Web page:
N212-133 TITLE: Microfabricated Noble Gas Vacuum Pump
RT&L FOCUS AREA(S): Quantum Science
TECHNOLOGY AREA(S): Electronics;Materials / Processes;Sensors
The technology within this topic is restricted under the International Traffic in Arms Regulation (ITAR), 22 CFR Parts 120-130, which controls the export and import of defense-related material and services, including export of sensitive technical data, or the Export Administration Regulation (EAR), 15 CFR Parts 730-774, which controls dual use items. Offerors must disclose any proposed use of foreign nationals (FNs), their country(ies) of origin, the type of visa or work permit possessed, and the statement of work (SOW) tasks intended for accomplishment by the FN(s) in accordance with section 3.5 of the Announcement. Offerors are advised foreign nationals proposed to perform on this topic may be restricted due to the technical data under US Export Control Laws.
OBJECTIVE: Develop a method for pumping noble gases at ultra-high vacuum (1e-7 to 1e-10 Torr) that is compatible with microfabricated atomic vapor cells and can either be able to be fabricated simultaneously with a silicon-based vacuum cavity or be bonded to, inserted in, or otherwise attached to a silicon-based vacuum cavity.
DESCRIPTION: Atomic inertial sensors and clocks often require high or ultra-high vacuum to operate. While non-evaporable getters can provide high pumping rates for many gases, they cannot capture noble gases. As a consequence, helium and to a lesser extent argon can leak through glass windows, ultimately raising the pressure inside the vacuum cavity to unworkable levels. In laboratory scale systems, those noble gases are typically pumped out by ion pumps. While progress has been made to reduce the size of the atomic vacuum cavity [Refs 1-3], even the smallest commercial ion pumps are relatively bulky in comparison (~500 cm3 compared to < 1 cm3). Thus far, microfabricated atomic systems have either operated at higher pressures with a buffer gas, or have relied on slowing the leakage of helium from a careful selection of window material. An active noble gas pump would be a distinct advantage in creating compact, long-lifetime, ultra-high vacuum cavities.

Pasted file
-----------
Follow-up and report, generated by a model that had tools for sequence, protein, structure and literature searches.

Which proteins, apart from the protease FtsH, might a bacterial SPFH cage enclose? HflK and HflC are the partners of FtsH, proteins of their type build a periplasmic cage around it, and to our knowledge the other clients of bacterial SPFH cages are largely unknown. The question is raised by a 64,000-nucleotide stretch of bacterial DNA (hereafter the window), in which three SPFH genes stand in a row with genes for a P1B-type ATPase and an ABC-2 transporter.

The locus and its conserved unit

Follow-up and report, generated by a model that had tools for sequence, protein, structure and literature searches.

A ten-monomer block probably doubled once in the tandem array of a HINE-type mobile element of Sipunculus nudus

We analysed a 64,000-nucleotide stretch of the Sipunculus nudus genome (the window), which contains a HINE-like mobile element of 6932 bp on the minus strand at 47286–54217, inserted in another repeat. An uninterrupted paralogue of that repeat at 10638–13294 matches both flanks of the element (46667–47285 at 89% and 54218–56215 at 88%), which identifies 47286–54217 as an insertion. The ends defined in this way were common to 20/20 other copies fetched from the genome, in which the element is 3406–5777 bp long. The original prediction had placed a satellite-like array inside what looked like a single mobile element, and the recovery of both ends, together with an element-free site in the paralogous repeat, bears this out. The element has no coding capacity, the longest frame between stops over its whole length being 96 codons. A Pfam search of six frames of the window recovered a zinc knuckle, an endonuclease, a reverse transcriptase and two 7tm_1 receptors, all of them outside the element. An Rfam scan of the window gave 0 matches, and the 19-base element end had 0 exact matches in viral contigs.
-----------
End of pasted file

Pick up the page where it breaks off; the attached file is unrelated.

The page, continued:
A number of commercial sensors (e.g., accelerometers, pressure sensors, microbolometers) require an evacuated chamber to meet their performance goals. Improved vacuum conditions may be able to extend the useful lifetime of these devices, but would be critical for the performance of ultra-precise inertial sensors and clocks that are particularly useful to military programs. There exist multiple avenues for innovative solutions to this problem (e.g., development of novel microstructured materials to aid in the miniaturization of ion pumps), hence the desire for an SBIR effort.
Significant advances have been made to create ever-small vacuum pumps [Refs 3,4], but there does not yet exist a solution that satisfies the combination of fabrication method and pumping performance required for atomic systems. The applications for such a pump extend beyond atomic systems; any system that needs to operate at even modest vacuum (e.g., mTorr) with a glass component will ultimately be lifetime-limited by the leak rate of helium so could benefit from an improved vacuum pump.
PHASE I: Perform a design and materials study to assess the feasibility of fabricating an ultra-compact vacuum pump capable of pumping noble gases at ultra-high vacuum (1e-7 to 1e-10 Torr). The study shall analyze potential approaches, exploring the risks and risk mitigation strategies associated with each, and identify the most promising option. Similarly, the study shall detail the planned fabrication process, again identifying risks and risk mitigation strategies. The study shall include an evaluation of the anticipated (goal) size (< 20 cm3), electrical power draw (< 1 W), robustness, and lifetime (> 2 yr at 10-9 Torr) of the final device. Finally, the study should discuss how the pump can be combined with a silicon-based vacuum cavity. The Phase I Option, if exercised, will include the initial design specifications and capabilities description to build prototype solutions in Phase II.
PHASE II: Fabricate and test a small lot (up to Qty of 3) of the device designed in Phase I. Ensure that the prototypes are prepared in such a way that they can be bonded to a cavity and prepared for third party testing. Characterization of the components shall be performed, demonstrating their basic performance (e.g., noble gas pump speed, lowest achievable pressure) and evaluating their heat production, magnetic character, and robustness to vibration. Deliver the prototypes by the end of Phase II.
PHASE III DUAL USE APPLICATIONS: Advancement of microfabricated noble gas pump technology has applications in any field that requires a long-lasting vacuum, e.g., MEMS vibration or acceleration sensors, pressure sensors, gas sensing microsystems, etc. For use in laboratory applications in chemical and biological testing.
KEYWORDS: atomic sensor; atomic clock; inertial sensor; vacuum; microfabrication; Micro-Electromechanical-System; MEMS, pump
TPOC-1: SSP SBIR POC
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